Harsha Bhogle giving motivational speech
19 July 1961 |
Hyderabad, Telangana, India
|Education||Osmania University, Hyderabad
Indian Institute of Management, Ahmedabad
|Children||Chinmay and Satchit|
Conflict of interest and lack of transparency, though they are global features as we saw post-Iraq, almost define Indian cricket.
Sometimes your greatest strength can emerge as a weakness if the context changes.
Among sportsmen are the noble, the diligent and the caring, as there are the callous, the cheats and the criminals.
Cricket cannot afford to throw up meaningless games before its benefactors, which is what spectators and television audiences are.
For a long time, television said, 'We won't cover cricket unless you pay us to cover it.' Then they said, 'OK, the next rights are sold for 55 million dollars. The next rights are sold for 612 million dollars.' So, it's a bit of a curve, that.
I always wanted to play cricket, and I have played competitive cricket to a fairly good level. I remember that my father used to come and watch me play. He used to love watching me play.
Change doesn't always mean progress, but the status quo isn't always the best result either. It is merely the most convenient.
Like an author, a cricketer signs his name on every innings he bats or bowls in; indeed for every cricket ball that challenges him on the field.
Sometimes, quite out of the blue, sport will throw up a tender moment, when hostility ceases and an opponent is acknowledged.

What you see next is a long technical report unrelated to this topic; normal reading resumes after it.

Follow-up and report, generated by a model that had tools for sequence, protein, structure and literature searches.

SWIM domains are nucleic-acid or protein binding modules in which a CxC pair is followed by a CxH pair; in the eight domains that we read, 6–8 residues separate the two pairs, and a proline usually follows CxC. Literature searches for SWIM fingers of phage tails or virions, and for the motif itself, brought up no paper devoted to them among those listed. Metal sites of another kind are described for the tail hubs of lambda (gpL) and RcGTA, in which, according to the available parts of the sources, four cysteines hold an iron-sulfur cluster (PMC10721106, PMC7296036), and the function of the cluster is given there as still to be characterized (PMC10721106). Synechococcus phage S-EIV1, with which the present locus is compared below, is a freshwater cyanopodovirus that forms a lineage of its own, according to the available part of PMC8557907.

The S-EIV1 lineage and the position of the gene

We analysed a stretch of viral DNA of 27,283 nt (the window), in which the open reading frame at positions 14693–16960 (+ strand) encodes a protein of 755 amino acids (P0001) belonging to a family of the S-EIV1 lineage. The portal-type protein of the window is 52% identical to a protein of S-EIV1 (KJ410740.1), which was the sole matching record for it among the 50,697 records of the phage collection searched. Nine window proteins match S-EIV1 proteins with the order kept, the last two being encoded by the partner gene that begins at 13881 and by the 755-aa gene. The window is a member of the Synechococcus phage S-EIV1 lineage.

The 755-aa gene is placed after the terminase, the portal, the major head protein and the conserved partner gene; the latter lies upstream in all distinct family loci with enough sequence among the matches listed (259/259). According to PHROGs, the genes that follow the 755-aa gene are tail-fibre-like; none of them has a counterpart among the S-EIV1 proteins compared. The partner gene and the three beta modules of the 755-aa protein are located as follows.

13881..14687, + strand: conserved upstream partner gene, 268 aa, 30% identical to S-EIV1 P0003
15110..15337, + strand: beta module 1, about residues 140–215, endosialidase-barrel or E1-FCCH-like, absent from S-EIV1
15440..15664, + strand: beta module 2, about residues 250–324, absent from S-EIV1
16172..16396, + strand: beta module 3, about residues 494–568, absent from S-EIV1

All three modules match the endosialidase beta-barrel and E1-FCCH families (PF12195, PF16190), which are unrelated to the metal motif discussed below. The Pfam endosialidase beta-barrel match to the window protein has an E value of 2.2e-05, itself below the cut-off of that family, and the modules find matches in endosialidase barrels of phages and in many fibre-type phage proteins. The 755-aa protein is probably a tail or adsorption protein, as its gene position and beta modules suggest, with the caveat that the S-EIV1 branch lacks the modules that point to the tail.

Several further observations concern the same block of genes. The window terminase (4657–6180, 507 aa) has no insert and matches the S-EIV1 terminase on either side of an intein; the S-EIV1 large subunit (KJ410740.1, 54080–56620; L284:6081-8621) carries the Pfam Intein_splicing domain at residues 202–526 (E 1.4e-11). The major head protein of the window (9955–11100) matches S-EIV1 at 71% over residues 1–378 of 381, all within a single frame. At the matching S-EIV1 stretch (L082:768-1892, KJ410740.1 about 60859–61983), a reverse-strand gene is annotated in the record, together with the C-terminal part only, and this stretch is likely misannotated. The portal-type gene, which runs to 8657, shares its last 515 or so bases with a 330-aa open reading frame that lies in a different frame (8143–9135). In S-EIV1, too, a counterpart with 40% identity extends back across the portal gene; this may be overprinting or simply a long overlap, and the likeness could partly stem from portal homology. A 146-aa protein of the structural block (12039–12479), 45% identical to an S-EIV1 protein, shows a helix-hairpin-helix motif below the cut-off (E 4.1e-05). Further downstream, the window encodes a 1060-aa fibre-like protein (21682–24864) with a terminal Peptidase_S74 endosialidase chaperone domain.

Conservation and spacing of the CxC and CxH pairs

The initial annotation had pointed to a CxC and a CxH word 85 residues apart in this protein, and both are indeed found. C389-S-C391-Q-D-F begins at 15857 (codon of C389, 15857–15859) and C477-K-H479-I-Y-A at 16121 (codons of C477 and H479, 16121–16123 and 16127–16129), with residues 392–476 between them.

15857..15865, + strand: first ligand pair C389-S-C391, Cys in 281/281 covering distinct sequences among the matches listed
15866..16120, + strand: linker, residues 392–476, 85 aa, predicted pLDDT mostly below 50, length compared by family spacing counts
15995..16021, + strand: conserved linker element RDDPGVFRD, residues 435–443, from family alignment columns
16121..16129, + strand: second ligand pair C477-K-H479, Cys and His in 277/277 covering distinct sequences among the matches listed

Cricket, like all sport, offers glory to few and a lifetime of it to even fewer. For the investment it demands, it offers short careers that end when people in other professions are starting to flourish.
Traditionally, sport has looked down at number crunchers, but the reality is that they give sport the financial sustenance it needs.
A monk's extraordinary patience can be a hindrance to desperate decision-making.
In sports teams, apart from talk of sporting prowess and the imparting of inspirational thought, an extraordinary amount of time is spent discussing, and flaunting, material possessions.
Cricketers are made to feel that they are very special. That is okay as long as cricketers realise they are only as good as their last innings.
One of the reasons you study at great institutions or aspire to work in great corporations is that you hope to acquire the values they stand for.
For its health, cricket needs to look outward to the sharpest minds, to people who sustain and nurture brands and often take hard but necessary decisions. Cricket cannot be bound by cricketing minds alone.
Sports teaches you there is always a second innings in life. If you fail today, there's a second innings maybe two days later. Maybe there's another opportunity coming up three or six months later. If you look at mistake as learnings and commit never to make a same mistake again, then you actually get better with every mistake that you make.
To be a commentator, you must have a life outside cricket, too. If cricket is all that you know, then you would not be a great commentator.
I am a kid who played university cricket, so to be around international cricket is a blessing.